Update on Minstrel TX Rate Control in User space – GSoC ’22

Hi everyone! As the first evaluation of GSoC ’22 is almost here, I’m writing this blog post to provide a detailed update on the progress of the Minstrel HT WiFi rate control in user space. If you are unfamiliar with WiFi rate control, then you can have a look at my first blog post.

1) Addition of new estimators

WiFi rate controls usually comprise of averaging filter/estimators to update the packet transmission statistics with respect to the newer packet counts in real-time. As such, the Minstrel HT rate control also has an estimator which is currently a variant of the Butterworth Filter.

Butterworth Filter

Previously, the user space Minstrel HT consisted of only the Exponentially Weighted Moving Average (EWMA) filter. However, the current kernel Minstrel HT algorithm has replaced EWMA with a new estimator based on the SuperSmoother (Butterworth) filter developed by John F. Ehlers. As such, the Butterworth filter has now been added to the user space Minstrel HT with the period set to 16.

The image above shows the formula of the Butterworth filter used to calculate the average success probability of a data rate in Minstrel HT. The curr_prob denotes the success probability of a data rate in the current update interval (50 milliseconds) and, for the first success probability data, the new_avg is set to the first success probability as no previous average probability exists.

Exponentially Discounted Averaging and Variance

In addition to the Butterworth filter, an exponentially discounted filter has also been implemented in user space Minstrel HT for research purposes. Consider two data rates with the given statistics, during the last ‘t’ timesteps, as packet counts: rate1 with 4 attempts and 5 successes, and rate2 with 280 attempts and 350 successes. The success probability of both these rates is 80%, however, rate2 seems to be more reliable as it has more observations.

This new filter can discount with respect to the number of observations and also with respect to the time of these observations, using two different discounting parameters: α, β [0,1]. The formula of the Exp. Discounted filter shown below is for incremental calculation and, at time t0, the following values are initialised to 0: μ0 = s0 = W0 = t0 = 0.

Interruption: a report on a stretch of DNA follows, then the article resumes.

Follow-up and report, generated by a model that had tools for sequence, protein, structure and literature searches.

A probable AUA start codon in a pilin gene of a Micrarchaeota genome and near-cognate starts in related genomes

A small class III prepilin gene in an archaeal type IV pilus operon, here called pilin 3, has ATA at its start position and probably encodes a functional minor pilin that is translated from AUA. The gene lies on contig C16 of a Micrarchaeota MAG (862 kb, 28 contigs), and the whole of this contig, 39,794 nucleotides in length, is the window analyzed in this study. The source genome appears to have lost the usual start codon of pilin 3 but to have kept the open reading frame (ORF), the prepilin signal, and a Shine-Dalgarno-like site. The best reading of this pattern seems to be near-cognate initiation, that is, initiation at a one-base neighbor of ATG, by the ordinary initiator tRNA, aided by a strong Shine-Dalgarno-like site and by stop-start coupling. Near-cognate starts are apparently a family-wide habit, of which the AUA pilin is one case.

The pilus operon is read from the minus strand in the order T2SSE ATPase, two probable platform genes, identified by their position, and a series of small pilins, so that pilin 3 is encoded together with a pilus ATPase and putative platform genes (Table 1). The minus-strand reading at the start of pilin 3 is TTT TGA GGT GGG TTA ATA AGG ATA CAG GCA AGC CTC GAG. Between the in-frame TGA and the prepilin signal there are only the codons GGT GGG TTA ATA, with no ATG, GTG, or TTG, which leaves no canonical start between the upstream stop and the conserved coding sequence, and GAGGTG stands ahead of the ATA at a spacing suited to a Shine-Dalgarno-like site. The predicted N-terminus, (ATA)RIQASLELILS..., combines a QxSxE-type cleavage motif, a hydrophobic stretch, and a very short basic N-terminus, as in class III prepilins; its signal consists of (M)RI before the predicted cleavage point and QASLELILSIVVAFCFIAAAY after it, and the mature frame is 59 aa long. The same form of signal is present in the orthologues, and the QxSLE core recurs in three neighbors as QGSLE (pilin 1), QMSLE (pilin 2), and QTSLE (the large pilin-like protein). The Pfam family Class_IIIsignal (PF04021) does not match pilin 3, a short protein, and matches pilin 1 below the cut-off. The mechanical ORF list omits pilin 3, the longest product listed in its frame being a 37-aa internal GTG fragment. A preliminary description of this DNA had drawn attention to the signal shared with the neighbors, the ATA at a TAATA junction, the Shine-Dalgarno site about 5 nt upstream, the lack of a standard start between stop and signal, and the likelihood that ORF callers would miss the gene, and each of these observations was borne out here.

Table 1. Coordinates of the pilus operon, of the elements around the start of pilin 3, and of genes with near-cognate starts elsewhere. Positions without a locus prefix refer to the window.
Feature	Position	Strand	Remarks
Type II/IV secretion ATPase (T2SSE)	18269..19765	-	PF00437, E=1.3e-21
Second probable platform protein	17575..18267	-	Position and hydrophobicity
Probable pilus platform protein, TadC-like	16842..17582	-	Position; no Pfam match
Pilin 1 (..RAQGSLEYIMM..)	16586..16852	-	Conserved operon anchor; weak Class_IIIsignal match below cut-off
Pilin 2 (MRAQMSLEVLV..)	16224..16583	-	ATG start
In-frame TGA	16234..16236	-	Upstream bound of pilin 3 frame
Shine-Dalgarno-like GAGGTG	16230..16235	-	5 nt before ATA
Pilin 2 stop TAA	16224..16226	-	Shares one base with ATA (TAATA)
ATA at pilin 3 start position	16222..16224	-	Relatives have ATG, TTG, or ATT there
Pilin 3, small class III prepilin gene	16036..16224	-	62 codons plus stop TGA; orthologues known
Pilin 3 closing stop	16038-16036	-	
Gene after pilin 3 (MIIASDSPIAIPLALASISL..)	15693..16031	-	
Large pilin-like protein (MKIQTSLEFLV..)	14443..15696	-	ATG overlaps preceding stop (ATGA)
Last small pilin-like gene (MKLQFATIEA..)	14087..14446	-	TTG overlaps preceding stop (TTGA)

By choosing α and β we can trade-off between emphasizing the number of observations and how recent these observations are. Extreme cases are ignoring the number of observations (α = 1) and also ignoring the time steps (β = 1). Currently, the value of β is set to 1 in the user space Minstrel HT and the value of α is dynamic. The value of alpha depends on the number of observations in the current update interval.

2) Changes to the output

Prior to GSoC ’22, the output of the user space Minstrel HT was a simple printout of the rate statistics dictionary during every update interval which wasn’t easy to read or interpret. The output has now been changed to match the kernel Minstrel HT debug output.

Human Readable Statistics (rc_stats)

The human-readable rate statistics table shows the average success probability and average throughput for each data rate using the three filters implemented in user space Minstrel HT, namely Exponentially Weighted Moving Average (EWMA), Exponentially Discounted filter, and the Butterworth filter.

Statistics as CSV file (rc_stats_csv)

Along with the human-readable statistics, at the end of every update interval, the user space Minstrel HT also stores the rate table in a CSV format to the ‘rc_stats_csv’ file. The CSV file can then be used to analyze the performance of different filters and also compare the user space Minstrel HT with its kernel counterpart.

The rate table is separated by the delimiter ‘*’ between each update interval. Furthermore, along with the rate table, the CSV format also consists of a timestamp, at the top, to indicate when the rate table was printed to the CSV file.

File Structure for the output